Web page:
Skeptics may well wonder whether that is a reasonable fee for a city of our size and location. The consultants who wrote the report conclude it is on the steep side, but probably the best a city in our position could pull off.
The consultants reviewed 14 municipalities with curbside collection programs across Canada – from tiny Grand Forks, B.C. to the big city of Vancouver – and found an average annual cost for residential complete curbside pickup of $207. As things stand, Whitehorse charges $124 for garbage and compost. That means for Whitehorse to match the average cost of an all-in curbside service, the city’s recycling program would need to cost just $84 per year, or $7 per month. It turns out that’s also the estimated cost of a municipal pickup program – but that excludes the cost of processing.
As things stand, both Raven and P&M earn money from beverage container refunds but take a loss on pretty much everything else. So both operations are beholden to annual sums, called diversion credits, paid by the territory and city.
According to the Department of Community Services, the territory expects to pay a total of $489,000 to both processors for diverting 3,800 tonnes of waste in 2015. However, Raven Recycling hasn’t charged for its work in the last quarter, and it expects this work will raise the territory’s total to $512,000 for that period. The city estimates it will pay $250,738 in diversion credits for 2015.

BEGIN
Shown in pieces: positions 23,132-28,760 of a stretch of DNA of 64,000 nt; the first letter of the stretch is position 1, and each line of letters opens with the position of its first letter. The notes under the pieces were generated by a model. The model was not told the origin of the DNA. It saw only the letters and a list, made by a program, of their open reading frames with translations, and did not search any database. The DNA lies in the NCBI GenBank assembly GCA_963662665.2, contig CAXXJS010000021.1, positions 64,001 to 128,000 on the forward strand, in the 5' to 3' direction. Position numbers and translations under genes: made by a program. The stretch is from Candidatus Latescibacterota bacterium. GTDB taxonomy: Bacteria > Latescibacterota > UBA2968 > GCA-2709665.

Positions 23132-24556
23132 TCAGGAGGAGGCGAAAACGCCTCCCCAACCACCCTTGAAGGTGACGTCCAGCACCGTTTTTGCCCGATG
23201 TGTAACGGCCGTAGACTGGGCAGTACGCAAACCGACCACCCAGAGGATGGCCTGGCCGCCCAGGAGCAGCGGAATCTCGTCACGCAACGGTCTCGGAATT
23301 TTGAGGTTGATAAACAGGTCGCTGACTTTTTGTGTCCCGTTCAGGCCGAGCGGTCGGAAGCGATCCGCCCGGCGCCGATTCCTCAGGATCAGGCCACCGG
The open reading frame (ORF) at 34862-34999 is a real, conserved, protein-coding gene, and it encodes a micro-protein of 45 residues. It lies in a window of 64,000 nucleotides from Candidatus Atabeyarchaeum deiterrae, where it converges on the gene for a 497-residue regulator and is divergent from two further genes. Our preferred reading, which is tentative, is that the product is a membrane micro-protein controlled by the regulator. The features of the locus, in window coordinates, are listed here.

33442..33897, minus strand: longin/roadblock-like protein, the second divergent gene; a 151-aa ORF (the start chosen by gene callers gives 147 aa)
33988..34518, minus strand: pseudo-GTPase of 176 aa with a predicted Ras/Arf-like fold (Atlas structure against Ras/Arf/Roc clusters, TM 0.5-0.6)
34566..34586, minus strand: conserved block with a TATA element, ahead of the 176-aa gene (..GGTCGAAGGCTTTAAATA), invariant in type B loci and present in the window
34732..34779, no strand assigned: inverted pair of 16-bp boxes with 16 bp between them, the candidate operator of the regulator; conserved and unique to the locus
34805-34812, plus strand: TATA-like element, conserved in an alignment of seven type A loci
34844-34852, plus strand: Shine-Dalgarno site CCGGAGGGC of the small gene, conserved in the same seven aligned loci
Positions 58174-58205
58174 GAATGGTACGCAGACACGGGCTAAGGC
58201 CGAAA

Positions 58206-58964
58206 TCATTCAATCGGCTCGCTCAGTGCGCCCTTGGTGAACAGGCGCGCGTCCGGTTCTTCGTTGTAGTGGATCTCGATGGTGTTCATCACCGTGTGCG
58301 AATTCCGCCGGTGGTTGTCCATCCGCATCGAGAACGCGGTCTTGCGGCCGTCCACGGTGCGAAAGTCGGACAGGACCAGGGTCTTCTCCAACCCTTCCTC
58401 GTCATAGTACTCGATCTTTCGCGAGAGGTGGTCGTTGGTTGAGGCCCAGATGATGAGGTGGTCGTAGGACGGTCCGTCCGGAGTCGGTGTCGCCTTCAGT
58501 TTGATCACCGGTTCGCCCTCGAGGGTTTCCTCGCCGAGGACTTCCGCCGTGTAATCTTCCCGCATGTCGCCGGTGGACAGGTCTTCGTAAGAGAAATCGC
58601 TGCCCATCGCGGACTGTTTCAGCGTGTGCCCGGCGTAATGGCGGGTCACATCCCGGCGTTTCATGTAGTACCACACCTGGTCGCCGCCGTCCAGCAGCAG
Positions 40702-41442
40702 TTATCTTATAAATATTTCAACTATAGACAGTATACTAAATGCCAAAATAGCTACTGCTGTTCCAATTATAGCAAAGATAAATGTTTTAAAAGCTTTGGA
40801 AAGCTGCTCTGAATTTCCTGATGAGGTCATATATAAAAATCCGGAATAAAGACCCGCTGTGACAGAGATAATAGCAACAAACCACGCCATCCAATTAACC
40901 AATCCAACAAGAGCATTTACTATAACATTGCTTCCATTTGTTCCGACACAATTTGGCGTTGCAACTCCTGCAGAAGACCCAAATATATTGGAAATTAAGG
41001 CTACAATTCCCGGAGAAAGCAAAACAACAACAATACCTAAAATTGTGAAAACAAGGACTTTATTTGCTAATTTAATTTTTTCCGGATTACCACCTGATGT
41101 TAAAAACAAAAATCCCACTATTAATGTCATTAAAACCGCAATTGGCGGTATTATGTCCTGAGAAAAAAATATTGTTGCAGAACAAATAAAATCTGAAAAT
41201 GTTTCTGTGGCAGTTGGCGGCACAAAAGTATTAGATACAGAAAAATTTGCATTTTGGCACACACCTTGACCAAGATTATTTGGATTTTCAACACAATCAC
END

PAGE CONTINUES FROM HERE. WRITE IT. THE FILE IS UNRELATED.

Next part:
The trouble is these credits often still don’t cover the full cost of processing and shipping recyclable commodities down the Alaska Highway. Our processors told the consultants their costs work out to $350-400 per tonne. Of that, $100-150 per tonne goes towards transporting waste, either by barge or transport truck, to commodity purchasers. That means we pay between $50-100 per tonne more than you would if dealing with a large Lower Mainland processing facility – a difference that the consultants say is explained by how our two smaller processors both lack automated sorting machines and other fancy equipment.
Whitehorse’s plan would result in residents paying about $25 per month, or $300 annually, for a pickup service that included garbage, compost and recycling. That’s at the high end of the municipalities covered by the consultants’ review, but none of the underlying cost estimates sound particularly extravagant when held up against a variety of comparisons.